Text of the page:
The need for additional data about skill deficits

  • In addition to the 6% of adults who lacked the skills to complete the 1992 NALS, an additional 15% of adults were able to perform only the easiest NALS tasks (classified as “Level 1” tasks)
  • For adults with low scores, more information is needed about the nature of the skill deficits
    • Lack of basic (word-level) reading skills?
    • Lack of fluency in basic skills?
    • Lack of higher level literacy skills?

New data on the skills of all adults

  • The Fluency Addition to NAAL (FAN) provides new data on the skills of all adults
  • After completing either the main NAAL or ALSA, all participants take FAN, which
    • Consists of timed oral reading tasks
    • Describes the oral reading skills of adults (e.g., words read correctly per minute)
    • Provides a measure of basic (word-level) reading skills
  • FAN scores can be compared with main NAAL scores at various performance levels, ALSA scores, and health literacy scores

FAN oral reading materials and associated measures

  • Pseudoword lists, consisting of possible but nonoccurring English forms (e.g., “wike”), provide a measure of adults’ ability to “decode” (or identify the sounds of) words with which they are not familiar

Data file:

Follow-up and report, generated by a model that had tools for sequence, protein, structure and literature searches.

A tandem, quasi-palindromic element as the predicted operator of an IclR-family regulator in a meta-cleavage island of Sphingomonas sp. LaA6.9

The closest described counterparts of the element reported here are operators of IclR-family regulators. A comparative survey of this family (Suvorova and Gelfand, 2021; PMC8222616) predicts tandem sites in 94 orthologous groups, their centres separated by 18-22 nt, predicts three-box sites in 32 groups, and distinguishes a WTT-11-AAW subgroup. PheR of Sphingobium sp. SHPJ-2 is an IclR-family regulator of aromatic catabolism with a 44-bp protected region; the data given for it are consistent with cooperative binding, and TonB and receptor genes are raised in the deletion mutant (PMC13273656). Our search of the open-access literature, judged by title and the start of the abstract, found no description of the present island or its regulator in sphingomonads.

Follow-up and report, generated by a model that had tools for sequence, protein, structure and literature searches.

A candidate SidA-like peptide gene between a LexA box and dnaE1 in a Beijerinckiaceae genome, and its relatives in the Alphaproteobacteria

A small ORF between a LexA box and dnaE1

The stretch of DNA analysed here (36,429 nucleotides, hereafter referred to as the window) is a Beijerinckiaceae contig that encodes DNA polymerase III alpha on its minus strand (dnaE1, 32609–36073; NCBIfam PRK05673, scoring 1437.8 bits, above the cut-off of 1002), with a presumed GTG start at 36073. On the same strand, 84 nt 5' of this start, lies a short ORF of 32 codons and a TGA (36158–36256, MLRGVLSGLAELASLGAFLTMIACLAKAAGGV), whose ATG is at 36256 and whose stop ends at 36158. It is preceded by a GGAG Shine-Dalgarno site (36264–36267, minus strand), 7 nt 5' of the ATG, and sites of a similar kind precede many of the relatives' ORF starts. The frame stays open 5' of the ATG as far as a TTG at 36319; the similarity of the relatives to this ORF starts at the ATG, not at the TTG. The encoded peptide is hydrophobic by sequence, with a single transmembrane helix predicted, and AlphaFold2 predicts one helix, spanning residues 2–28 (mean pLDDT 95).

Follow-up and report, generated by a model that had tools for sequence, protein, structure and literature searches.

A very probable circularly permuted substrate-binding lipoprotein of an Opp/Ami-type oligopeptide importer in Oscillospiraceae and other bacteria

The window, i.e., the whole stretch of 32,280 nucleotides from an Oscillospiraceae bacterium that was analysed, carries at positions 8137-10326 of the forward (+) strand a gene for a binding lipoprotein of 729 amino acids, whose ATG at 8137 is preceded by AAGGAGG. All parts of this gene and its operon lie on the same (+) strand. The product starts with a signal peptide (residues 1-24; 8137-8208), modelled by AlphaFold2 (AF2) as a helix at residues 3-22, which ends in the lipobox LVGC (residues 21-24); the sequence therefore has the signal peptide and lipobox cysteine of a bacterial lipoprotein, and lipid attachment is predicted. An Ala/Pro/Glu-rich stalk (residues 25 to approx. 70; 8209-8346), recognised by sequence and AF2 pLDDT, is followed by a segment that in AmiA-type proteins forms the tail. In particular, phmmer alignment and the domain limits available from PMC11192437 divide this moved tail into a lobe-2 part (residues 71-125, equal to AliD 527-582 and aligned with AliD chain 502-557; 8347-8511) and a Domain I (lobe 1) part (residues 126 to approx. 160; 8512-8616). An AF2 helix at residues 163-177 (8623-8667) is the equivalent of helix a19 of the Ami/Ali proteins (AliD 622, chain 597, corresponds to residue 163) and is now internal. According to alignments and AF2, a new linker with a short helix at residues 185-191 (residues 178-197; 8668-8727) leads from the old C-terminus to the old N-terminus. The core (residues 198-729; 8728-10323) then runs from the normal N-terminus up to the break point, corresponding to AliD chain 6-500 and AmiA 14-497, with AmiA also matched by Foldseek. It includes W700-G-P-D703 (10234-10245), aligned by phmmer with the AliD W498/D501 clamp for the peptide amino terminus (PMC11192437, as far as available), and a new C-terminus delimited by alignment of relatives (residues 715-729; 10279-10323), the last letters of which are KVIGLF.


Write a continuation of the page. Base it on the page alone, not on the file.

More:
• Word lists, consisting of English words arranged in increasing order of difficulty, provide a measure of adults’ ability to recognize familiar words (often referred to as “sight words”) as well as to decode
  • Text passages, consisting of 150–200 words each, provide a measure of adults’ ability to read words in connected texts

Initial measures and scoring challenges for FAN

  • Initial FAN target measures are
    • Total words read aloud—whether correctly or not—per unit of time*
    • Words read correctly per unit of time*
    • Words read correctly as a percentage of total words read
  • Challenges in scoring FAN data include ensuring
    • That correctness can be measured reliably
    • That speakers of nonstandard varieties of English are not unfairly penalized

*Unit of time: 60 seconds for text passages or 20 seconds for lists


Key similarities and differences between FAN and ALSA

  • Similarities include the following:
    • Both measure basic reading skills
    • Both have oral instructions in either English or Spanish
    • Both require reading words and connected text
  • Differences include the following:
    • Only ALSA permits the use of compensatory strategies, while FAN does not provide any nonlinguistic clues (such as pictures)
    • ALSA connected texts are fewer, easier, and shorter (12 sentences each in ALSA, compared with 150200 words each in FAN)

The functionality of word-level skills and higher level literacy skills

  • NAAL defines literacy as the ability to use printed and written information
  • As defined by NAAL, all literacy is functional; therefore, NAAL does not differentiate between “literacy” and “functional literacy”
  • Certain skills, including word-level reading skills, are needed to successfully perform NAAL tasks